Now, before I go on, in case anyone who reads this is facing labor soon, I should add some perspective on what was going on here, so that you don’t just opt out of giving birth all together. The stage of labor called “transition” is generally agreed to be the worst. This is the time when your cervix does it’s final bit of dilation to prepare for the actual birth, usually the 7-10 cm mark. For most women this follows hours of contractions and dilation leading up to it, which is also painful, but doesn’t cause the panic sensation that transition is known for. In my case, it seems like what happened is I went directly from not being in labor, to being in transition. When we got to the hospital, only 1 hour after my labor started, I was more than 7 cm dilated. My body seems to be extremely efficient where birthing is concerned. This probably won’t happen to you.
Arriving in the birthing room, any pretense of modesty I might have thought I would keep up went straight out the window. I dove out of the wheelchair my husband had put me in and stripped completely naked – my clothes were strangling me!
From here forward, things are largely a blur. I remember being forced onto the bed, even though I thought I wanted to move around for labor. I remember my mother rubbing my feet and my husband rubbing my back. I remember thinking of nothing but the sweet relief that death was going to bring shortly. And then I remember the panic spreading to the rest of the room.
At some point as my water was breaking (good to know for the future: this happens over and over again), a few people spotted dark fluid in with the clear stuff. This meant that my baby had passed meconium into the waters, basically, he had pooped before being born. This is a dangerous situation, because if that meconuim is breathed into the baby’s lungs it can cause a very serious infection, causing the baby to become septic. To avoid this, the baby much be kept from taking a breath on its own through intubation. That’s right, we WERE the 1% of births that don’t fair well at home. How do you like that luck?
The birthing room filled with people, and from my vantage point, became absolute chaos. An OB, nurses and a team of respiratory therapists were added to 2 midwives, mum and Chris, already in attendance. In my panicked state I had no real idea what was going on, I was completely inside my own head and body, and couldn’t seem to connect outside of it, but I was able to catch little bits of information, and unfortunately also heard “heart rate not coming back up”.
On top of passing meconium, my baby’s heart rate was dropping, and not recovering, with each contraction. This meant he had to come out, and fast! Luckily, my efficient body had already gotten me to full dilation, in only three hours, and I was able to start to push. Of course, unluckily, baby had also turned himself upside down, meaning that his head was jamming against my tailbone, making pushing very inefficient. The OB explained that they’d have to use a vacuum to deliver the baby. A small vacuum (adorably called the “kiwi”) was attached to his head, and with screams and cries from me, my baby was partially delivered to the world.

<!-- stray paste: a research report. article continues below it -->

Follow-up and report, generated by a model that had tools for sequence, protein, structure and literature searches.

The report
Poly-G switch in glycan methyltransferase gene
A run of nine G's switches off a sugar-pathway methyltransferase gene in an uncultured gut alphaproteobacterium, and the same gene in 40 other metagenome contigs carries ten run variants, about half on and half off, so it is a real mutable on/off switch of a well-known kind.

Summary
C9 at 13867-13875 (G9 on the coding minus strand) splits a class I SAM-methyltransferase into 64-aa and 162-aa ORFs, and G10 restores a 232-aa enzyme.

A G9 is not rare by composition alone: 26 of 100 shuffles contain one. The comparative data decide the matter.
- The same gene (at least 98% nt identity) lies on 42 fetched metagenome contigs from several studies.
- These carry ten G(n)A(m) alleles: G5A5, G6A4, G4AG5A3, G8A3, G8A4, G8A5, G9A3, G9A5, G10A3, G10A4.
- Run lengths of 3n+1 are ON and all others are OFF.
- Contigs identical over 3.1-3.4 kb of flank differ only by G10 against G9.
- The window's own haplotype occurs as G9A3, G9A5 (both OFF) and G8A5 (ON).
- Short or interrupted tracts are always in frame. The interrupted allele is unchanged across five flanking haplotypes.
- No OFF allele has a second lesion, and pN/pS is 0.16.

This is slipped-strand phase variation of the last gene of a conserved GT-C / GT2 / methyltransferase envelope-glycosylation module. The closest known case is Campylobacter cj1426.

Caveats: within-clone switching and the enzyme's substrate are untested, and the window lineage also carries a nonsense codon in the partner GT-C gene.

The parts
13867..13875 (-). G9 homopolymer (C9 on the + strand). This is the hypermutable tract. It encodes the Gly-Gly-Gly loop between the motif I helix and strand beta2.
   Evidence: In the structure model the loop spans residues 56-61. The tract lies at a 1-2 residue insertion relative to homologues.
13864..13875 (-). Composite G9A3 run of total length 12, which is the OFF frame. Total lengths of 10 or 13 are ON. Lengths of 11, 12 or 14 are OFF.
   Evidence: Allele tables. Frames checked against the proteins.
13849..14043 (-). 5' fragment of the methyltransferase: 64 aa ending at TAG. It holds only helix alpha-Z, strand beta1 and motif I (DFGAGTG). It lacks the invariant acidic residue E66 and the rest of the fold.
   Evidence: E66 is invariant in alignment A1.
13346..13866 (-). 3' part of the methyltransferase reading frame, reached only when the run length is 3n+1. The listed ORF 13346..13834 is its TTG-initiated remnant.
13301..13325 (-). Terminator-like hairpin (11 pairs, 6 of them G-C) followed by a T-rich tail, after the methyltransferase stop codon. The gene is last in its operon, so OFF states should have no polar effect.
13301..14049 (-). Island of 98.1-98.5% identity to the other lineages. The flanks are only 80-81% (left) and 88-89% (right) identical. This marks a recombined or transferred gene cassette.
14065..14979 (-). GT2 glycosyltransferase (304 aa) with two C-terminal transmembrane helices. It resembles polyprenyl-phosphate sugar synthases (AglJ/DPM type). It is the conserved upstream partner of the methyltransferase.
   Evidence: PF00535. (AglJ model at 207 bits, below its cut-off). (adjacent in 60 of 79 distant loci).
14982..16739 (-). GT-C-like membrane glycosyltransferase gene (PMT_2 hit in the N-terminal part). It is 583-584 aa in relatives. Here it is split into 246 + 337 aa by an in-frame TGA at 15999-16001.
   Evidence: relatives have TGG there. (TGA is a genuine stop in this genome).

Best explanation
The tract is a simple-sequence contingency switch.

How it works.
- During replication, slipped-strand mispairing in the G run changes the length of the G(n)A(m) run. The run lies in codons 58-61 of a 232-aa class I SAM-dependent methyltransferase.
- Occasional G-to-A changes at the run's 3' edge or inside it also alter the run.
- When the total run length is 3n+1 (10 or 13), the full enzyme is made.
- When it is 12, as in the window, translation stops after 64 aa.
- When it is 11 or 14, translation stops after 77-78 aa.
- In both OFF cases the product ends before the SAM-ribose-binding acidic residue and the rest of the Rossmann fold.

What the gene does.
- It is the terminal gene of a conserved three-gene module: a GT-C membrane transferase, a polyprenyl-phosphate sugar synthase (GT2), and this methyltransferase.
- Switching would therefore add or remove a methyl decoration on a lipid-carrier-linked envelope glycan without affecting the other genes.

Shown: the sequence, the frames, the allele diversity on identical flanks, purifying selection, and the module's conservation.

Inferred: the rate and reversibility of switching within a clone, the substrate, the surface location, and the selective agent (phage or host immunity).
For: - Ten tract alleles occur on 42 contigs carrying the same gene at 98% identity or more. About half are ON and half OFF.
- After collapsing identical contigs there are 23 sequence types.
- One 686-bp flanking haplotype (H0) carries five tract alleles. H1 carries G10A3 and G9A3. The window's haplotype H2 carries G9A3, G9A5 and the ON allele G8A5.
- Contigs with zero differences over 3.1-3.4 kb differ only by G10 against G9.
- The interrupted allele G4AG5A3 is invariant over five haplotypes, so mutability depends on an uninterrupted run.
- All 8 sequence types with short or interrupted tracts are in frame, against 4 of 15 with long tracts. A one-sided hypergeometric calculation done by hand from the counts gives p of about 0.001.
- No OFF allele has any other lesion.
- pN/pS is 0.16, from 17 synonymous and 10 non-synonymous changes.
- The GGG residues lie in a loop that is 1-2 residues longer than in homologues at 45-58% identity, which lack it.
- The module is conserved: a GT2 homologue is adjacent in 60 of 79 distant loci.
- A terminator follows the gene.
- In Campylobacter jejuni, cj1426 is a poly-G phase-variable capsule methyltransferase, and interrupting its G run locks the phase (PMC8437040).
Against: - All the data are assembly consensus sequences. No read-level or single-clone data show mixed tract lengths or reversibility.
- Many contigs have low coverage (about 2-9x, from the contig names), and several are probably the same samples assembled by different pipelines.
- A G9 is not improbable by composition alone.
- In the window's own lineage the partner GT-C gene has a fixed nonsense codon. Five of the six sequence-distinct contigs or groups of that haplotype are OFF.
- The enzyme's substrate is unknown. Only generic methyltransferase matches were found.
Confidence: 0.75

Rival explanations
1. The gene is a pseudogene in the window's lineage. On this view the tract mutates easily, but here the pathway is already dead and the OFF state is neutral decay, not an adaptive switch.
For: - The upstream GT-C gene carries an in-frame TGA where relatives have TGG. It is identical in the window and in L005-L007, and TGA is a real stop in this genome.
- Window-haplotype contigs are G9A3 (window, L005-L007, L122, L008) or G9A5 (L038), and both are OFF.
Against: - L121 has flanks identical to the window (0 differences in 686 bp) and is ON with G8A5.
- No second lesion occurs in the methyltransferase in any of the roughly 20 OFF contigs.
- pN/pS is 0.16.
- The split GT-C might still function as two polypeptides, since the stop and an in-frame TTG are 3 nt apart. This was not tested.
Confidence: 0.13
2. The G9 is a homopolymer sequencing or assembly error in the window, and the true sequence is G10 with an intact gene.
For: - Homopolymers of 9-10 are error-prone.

The OB told me to stop pushing, and was suddenly very serious, concentrating his attention and hands around the baby’s head. I asked what was going on, and he cleverly said “I’m just cutting the cord”. I have to pause here in the story to say that this OB, who’s name I’ve never actually learned was the most calm, gentle and serene presence in that room. His wording was clever because it was true – he was cutting the cord, but it was also deceptive, as it didn’t alert me to what was really happening. The cord would not usually be cut at this point, but it had gotten knotted around my baby’s neck, and was the reason his heart rate was not recovering, each contraction was effectively strangling him. If the OB had told me that, I would have freaked out, but the limited information he gave me made me feel like this was standard procedure, until I gave it some thought.
Once the cord was cut, one more push with the help of the vacuum brought Oliver into the world. He was immediately whisked away by the respiratory therapists, who put him on a table to my left where I watched him have a tube put down his throat. My mother and Chris both stood on my right side, tears in their eyes, and panic in their voices as I sobbed “What’s wrong with him? What’s wrong” their reassurance was completely ineffective, as the RTs began chest compressions in front of me. I looked at my husband and saw the face of a bereaved father, I thought, I will not leave this hospital, I am lost.
After an eternity moving in slow motion, Oliver was whisked out of the room. I am sure that someone told me that he was OK at this point, but it couldn’t have resonated with me. Chris followed the crowd of people who took my baby away, and I was left completely empty, desperate to hold my child. As a distraction, the midwife and OB began to stitch me up, a 45 minute task, as I had a fourth degree tear (look it up if you dare). As this went on, Chris, my dad and my mum ran back and forth between me and Oliver, bringing pictures on cell phones and reassurance that things were looking up. Oliver was breathing, pink and alert!
An hour after he was born, I was finally allowed to go to see Oliver in the NICU. The poor little guy had a tube down his throat, to pull out any meconium, and an IV in his arm to run antibiotics as a precaution in case any had made it into his lungs. He was tiny, only 5 pounds 9 ounces, but strong and aware right from the moment he was born. Although I didn’t get to see it, my dad told me that when they put him on the scale to weigh him, little Ollie grabbed onto the side of the scale and pulled himself towards it – trying to make his way closer to mama!
I didn’t get to hold Oliver until four hours after he was born – 9 p.m., but I felt his presence holding to me and me to him from the moment he came into the world. He was healthier than the doctors expected and we were able to start breastfeeding right away, and within 24 hours he was discharged from the NICU and got to join me in my room, where I didn’t put him down until we got to leave altogether after three days, with an all clear for any complications as a result of the birth.
Oliver has brought me so much joy since the moment he was born, but a healthy dose of terror as well, and it took a while for that edge to dissipate. For weeks after his birth I was convinced that his presence in my life was temporary, that he’d cheated fate by making it through the trauma of his birth. But as he gained and gained and gained weight (doubling his birth weight by two months!), and revealed himself to be bright, alert and vital, I began to have faith that he would be OK. Four months later, he is the light of my life, and a strong, healthy and chubby baby. The only concern I have for him now is that he is growing too fast. Having begun our journey together as mother and child separated, I savor every minute I spend with him… even the night feedings, and am so excited to be right here with him as he makes his way in the world!